First, the article takes as a given that the New Zealand dollar is overvalued. Now, this mantra is so commonly stated that one can hardly criticise a journalist for taking it as a received fact. Indeed, the article is able to reference a fairly high authority on this:
And the International Monetary Fund says the kiwi is about 15 per cent overvalued. It has said that repeatedly, at least as far back as May 2010.Now staffers at the IMF are not stupid, and there is probably a well-defined question to which “overvalued by 15%” is the answer, but assessing that answer would require knowledge of what the underlying question is. The first thing I tell my 2nd-year micro students each year, that to start a piece of economic analysis with a price is to abdicate one’s responsibility as an economist. It is akin to a psychologist explaining some strange observed piece of human behaviour by saying “that is what they wanted to do”.
Let’s revisit some exchange rate basics. We have a clean floating currency. That means that the price of the currency is set at whatever level enables all who want to buy and all who want to sell at that price to do so. At first pass, that sounds like a perfectly valued exchange rate. Furthermore, the complaints about the kiwi being “overvalued” have been consistently heard for about a decade at least, so it would be hard to say that it is the result of a speculative bubble with speculators consistently entering on the demand but not the supply side.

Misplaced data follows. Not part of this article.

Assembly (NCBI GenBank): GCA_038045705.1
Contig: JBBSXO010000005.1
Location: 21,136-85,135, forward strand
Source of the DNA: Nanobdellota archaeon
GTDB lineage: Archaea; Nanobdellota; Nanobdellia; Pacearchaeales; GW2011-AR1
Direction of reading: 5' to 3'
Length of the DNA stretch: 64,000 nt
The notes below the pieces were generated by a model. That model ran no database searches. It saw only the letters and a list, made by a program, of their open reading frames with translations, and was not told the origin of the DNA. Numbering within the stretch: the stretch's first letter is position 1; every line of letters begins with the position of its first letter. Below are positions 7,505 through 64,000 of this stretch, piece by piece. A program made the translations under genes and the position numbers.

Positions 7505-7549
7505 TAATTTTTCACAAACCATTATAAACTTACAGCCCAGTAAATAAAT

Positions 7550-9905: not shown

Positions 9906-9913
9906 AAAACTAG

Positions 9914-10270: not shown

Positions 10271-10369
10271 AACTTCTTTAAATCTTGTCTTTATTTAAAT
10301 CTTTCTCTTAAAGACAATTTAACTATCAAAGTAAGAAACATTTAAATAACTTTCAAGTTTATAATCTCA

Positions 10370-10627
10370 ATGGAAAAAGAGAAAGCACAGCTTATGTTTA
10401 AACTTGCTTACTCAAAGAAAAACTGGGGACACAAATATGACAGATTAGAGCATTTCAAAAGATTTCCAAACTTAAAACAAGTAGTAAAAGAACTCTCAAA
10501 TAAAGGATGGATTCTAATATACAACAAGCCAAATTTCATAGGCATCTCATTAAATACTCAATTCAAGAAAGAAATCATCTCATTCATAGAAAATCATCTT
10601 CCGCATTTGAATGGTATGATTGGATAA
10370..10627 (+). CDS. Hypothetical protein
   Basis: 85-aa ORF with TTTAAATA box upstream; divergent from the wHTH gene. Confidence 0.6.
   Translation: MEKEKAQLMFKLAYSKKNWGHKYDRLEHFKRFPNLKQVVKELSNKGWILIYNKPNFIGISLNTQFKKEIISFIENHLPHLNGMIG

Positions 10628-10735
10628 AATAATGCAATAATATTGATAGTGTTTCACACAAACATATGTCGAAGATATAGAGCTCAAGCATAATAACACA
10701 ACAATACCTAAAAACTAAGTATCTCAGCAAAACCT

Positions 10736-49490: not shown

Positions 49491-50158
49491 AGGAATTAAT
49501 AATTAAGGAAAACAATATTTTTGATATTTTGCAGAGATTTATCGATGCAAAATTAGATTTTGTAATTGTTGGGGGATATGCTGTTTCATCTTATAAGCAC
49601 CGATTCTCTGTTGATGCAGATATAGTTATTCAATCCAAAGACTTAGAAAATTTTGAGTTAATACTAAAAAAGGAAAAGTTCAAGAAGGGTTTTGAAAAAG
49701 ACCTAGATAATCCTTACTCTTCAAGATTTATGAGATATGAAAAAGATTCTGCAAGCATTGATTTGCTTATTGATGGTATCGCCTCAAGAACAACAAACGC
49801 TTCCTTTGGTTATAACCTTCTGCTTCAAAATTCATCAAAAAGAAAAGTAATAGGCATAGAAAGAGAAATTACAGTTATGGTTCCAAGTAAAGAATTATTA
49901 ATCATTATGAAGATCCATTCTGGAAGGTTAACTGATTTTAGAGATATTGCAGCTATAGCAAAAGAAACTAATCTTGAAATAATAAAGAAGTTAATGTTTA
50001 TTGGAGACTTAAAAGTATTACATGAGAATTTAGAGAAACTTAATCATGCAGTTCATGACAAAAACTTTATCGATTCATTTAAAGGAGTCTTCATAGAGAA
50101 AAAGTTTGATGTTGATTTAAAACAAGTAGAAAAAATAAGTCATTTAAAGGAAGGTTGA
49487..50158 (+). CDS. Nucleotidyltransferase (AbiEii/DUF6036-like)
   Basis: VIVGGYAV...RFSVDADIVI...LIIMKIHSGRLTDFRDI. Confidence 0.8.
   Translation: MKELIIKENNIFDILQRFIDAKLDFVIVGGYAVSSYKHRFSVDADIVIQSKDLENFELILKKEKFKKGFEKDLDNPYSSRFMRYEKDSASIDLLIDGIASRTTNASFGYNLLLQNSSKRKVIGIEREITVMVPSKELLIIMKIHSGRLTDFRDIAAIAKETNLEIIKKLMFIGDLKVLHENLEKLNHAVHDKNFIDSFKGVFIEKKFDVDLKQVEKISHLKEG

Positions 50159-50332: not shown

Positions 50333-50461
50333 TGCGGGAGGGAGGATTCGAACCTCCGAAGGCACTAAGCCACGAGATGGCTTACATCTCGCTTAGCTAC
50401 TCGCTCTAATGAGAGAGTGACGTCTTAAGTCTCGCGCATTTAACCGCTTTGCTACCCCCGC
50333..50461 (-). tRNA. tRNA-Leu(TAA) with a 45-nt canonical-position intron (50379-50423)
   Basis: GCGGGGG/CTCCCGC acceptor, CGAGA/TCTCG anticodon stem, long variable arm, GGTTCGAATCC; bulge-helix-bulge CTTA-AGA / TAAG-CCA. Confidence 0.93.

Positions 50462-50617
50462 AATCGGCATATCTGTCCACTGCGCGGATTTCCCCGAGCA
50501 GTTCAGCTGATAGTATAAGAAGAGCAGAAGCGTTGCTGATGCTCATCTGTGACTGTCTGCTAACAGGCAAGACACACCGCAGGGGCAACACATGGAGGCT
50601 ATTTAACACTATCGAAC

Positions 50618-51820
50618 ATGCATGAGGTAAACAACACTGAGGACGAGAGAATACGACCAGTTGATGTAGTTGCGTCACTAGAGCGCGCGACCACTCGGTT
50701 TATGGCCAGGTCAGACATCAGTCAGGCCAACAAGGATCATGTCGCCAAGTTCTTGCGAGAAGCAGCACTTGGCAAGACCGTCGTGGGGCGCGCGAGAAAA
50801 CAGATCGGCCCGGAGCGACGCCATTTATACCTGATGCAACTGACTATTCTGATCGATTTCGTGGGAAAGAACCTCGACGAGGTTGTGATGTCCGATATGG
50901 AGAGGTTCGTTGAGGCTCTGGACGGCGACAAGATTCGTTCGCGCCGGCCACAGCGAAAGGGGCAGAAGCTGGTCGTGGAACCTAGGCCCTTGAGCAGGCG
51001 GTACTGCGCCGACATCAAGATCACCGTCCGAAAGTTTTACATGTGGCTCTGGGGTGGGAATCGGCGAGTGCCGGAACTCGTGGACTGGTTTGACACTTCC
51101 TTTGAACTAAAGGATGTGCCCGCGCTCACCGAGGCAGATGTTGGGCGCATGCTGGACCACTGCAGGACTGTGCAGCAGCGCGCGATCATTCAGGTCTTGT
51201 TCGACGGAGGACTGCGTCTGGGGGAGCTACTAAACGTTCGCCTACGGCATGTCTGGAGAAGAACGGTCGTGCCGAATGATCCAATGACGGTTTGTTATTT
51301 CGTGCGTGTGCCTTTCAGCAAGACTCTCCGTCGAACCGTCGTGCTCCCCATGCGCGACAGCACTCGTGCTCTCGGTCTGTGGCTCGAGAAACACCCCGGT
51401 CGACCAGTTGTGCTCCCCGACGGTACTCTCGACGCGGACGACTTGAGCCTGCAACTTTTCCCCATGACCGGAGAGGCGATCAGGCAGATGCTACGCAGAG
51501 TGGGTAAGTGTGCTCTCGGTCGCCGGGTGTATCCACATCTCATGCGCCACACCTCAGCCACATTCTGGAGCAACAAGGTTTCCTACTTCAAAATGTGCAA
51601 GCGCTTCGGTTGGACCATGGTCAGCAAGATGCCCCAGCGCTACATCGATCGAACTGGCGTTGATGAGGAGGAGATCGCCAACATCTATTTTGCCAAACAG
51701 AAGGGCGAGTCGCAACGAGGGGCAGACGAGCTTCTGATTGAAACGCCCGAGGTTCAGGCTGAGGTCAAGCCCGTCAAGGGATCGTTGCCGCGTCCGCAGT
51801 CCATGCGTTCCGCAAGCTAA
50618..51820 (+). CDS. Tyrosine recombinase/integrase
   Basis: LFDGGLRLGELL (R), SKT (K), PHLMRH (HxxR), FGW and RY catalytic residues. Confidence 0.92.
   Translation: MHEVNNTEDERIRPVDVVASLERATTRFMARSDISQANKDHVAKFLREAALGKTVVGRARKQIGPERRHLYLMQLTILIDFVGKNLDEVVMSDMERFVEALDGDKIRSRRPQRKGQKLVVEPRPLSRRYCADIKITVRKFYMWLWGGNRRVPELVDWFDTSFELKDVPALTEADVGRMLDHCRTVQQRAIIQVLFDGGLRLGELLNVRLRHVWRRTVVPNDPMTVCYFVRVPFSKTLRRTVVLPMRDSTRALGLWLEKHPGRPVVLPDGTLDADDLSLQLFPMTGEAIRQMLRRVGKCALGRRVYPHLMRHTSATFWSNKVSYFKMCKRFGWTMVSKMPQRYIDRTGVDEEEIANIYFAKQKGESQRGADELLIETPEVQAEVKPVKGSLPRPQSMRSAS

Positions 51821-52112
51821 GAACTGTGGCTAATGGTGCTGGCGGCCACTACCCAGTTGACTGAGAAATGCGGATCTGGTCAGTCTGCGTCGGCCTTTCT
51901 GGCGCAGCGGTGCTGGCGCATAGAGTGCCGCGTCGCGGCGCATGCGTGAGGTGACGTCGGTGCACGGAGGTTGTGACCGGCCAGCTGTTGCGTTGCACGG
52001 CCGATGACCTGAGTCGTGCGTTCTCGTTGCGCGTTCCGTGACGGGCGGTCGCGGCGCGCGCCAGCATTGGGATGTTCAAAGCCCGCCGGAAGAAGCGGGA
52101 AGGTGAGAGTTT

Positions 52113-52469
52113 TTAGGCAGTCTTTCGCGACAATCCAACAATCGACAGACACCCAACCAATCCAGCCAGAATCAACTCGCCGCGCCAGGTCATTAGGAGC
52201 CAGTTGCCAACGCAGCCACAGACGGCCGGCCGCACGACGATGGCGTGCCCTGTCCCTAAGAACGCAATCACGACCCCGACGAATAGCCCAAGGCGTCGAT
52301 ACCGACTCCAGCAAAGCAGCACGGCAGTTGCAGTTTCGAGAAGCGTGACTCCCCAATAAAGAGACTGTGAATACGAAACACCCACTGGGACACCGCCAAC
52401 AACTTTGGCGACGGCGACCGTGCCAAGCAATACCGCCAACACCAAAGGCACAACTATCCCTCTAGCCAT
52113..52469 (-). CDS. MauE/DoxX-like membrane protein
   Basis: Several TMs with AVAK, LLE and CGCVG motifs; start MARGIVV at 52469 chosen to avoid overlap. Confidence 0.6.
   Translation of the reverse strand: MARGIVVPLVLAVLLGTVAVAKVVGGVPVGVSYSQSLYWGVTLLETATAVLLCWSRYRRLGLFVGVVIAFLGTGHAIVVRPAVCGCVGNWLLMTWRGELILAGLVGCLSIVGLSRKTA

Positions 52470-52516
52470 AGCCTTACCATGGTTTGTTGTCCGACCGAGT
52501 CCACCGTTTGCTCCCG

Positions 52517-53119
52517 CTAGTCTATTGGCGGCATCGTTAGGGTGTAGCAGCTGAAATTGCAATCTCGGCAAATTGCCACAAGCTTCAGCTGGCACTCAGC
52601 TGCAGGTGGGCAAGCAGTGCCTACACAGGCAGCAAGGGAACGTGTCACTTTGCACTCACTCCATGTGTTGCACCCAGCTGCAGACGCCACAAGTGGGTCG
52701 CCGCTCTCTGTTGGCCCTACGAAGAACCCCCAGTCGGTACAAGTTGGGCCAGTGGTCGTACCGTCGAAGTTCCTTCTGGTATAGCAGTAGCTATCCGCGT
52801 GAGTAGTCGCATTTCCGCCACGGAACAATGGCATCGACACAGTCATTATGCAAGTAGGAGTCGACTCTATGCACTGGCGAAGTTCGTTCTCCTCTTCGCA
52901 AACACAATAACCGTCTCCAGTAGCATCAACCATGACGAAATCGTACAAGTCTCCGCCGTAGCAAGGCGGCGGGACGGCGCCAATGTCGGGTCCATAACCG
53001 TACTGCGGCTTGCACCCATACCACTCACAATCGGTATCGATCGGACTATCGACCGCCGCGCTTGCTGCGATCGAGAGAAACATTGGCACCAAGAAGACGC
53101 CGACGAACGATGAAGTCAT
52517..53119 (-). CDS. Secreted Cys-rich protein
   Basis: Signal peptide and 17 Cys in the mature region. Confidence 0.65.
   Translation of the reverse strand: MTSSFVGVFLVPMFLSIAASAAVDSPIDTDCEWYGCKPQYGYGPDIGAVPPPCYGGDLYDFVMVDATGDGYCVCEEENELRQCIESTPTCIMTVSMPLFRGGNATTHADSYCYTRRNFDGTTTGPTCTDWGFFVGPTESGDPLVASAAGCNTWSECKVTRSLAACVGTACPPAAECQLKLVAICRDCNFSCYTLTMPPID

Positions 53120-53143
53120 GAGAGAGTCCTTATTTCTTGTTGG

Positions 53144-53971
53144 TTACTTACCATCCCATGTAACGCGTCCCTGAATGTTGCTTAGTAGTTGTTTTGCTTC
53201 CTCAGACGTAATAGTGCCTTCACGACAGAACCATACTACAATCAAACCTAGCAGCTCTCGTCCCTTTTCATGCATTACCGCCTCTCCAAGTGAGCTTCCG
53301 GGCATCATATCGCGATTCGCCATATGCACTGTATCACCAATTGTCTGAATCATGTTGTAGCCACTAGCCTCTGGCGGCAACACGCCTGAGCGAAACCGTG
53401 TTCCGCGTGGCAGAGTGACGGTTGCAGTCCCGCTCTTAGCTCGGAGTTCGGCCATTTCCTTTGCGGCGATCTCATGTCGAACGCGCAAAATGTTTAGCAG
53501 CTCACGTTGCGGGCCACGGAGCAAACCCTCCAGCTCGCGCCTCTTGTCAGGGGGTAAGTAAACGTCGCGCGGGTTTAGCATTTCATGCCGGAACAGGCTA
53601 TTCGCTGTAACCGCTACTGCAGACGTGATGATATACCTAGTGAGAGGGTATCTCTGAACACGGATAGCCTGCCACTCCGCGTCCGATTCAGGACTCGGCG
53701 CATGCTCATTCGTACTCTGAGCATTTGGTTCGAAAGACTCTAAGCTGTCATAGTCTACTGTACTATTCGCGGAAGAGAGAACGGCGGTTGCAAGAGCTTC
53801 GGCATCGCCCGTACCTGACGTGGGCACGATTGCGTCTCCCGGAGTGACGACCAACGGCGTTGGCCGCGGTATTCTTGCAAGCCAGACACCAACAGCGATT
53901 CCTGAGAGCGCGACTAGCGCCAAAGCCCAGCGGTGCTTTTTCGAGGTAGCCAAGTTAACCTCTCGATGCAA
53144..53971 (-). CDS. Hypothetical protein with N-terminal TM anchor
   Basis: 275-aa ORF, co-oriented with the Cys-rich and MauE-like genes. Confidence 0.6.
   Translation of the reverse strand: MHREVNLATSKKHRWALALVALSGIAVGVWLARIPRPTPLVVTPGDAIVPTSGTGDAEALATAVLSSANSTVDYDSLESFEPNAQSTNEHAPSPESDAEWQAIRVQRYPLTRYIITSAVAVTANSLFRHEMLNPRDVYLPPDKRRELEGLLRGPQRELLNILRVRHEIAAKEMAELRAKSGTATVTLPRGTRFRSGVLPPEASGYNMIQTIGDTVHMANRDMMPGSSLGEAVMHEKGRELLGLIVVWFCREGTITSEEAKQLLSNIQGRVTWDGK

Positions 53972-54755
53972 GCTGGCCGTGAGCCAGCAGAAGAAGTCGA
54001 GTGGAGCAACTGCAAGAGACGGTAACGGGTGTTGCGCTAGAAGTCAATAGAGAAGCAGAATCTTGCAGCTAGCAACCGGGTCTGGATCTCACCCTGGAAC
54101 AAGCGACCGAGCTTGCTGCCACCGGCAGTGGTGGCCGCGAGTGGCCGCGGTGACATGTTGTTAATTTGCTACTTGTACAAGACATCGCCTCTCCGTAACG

So why is the dollar at the level that it is? One possible reason in recent years is the high demand for milk solids from China creating a boom for New Zealand dairy exports. Yes, this is not so good for manufacturing exporters, but the technical term for such a change is “the terms of trade going in our favour”. Alternatively, we can point to investment opportunities in New Zealand consistently being higher than the available pool of saving, coupled with a large pool of savings from China being available to prevent interest rates rising to choke off that investment. Again, a big increase in supply of foreign capital when NZ is a net buyer counts as a favourable terms of trade shock.
Pretty much the only way I can make sense of the “NZ dollar is overvalued” mantra is as an extension of the argument that New Zealanders are not saving enough, in the same sense that we don’t eat enough fruit and vegetables, drink too much alcohol, don’t attend enough classical music concerts, and have too much sex during rugby world cups.
But, and this is my second issue with the original article, Eric is coming perilously close to this view when he is quoted as saying,
Fundamentally, New Zealand has a high exchange rate because we're an attractive place for foreign investors to put their money....Our relative lack of domestic savings in things other than housing means that the returns on other kinds of investment here are relatively high.Hmmm. The fundamental problem with housing in New Zealand is land-use regulations reducing the extent to which savings can be directed into the creation of new housing stock. As I have noted before, the purchasing of existing houses is neither investment nor saving in aggregate, and so cannot explain the net demand for foreign capital.
[Editor's Note from Eric: catch the comments thread at Offsetting; Seamus and I aren't really disagreeing that much. At least I don't think we are.]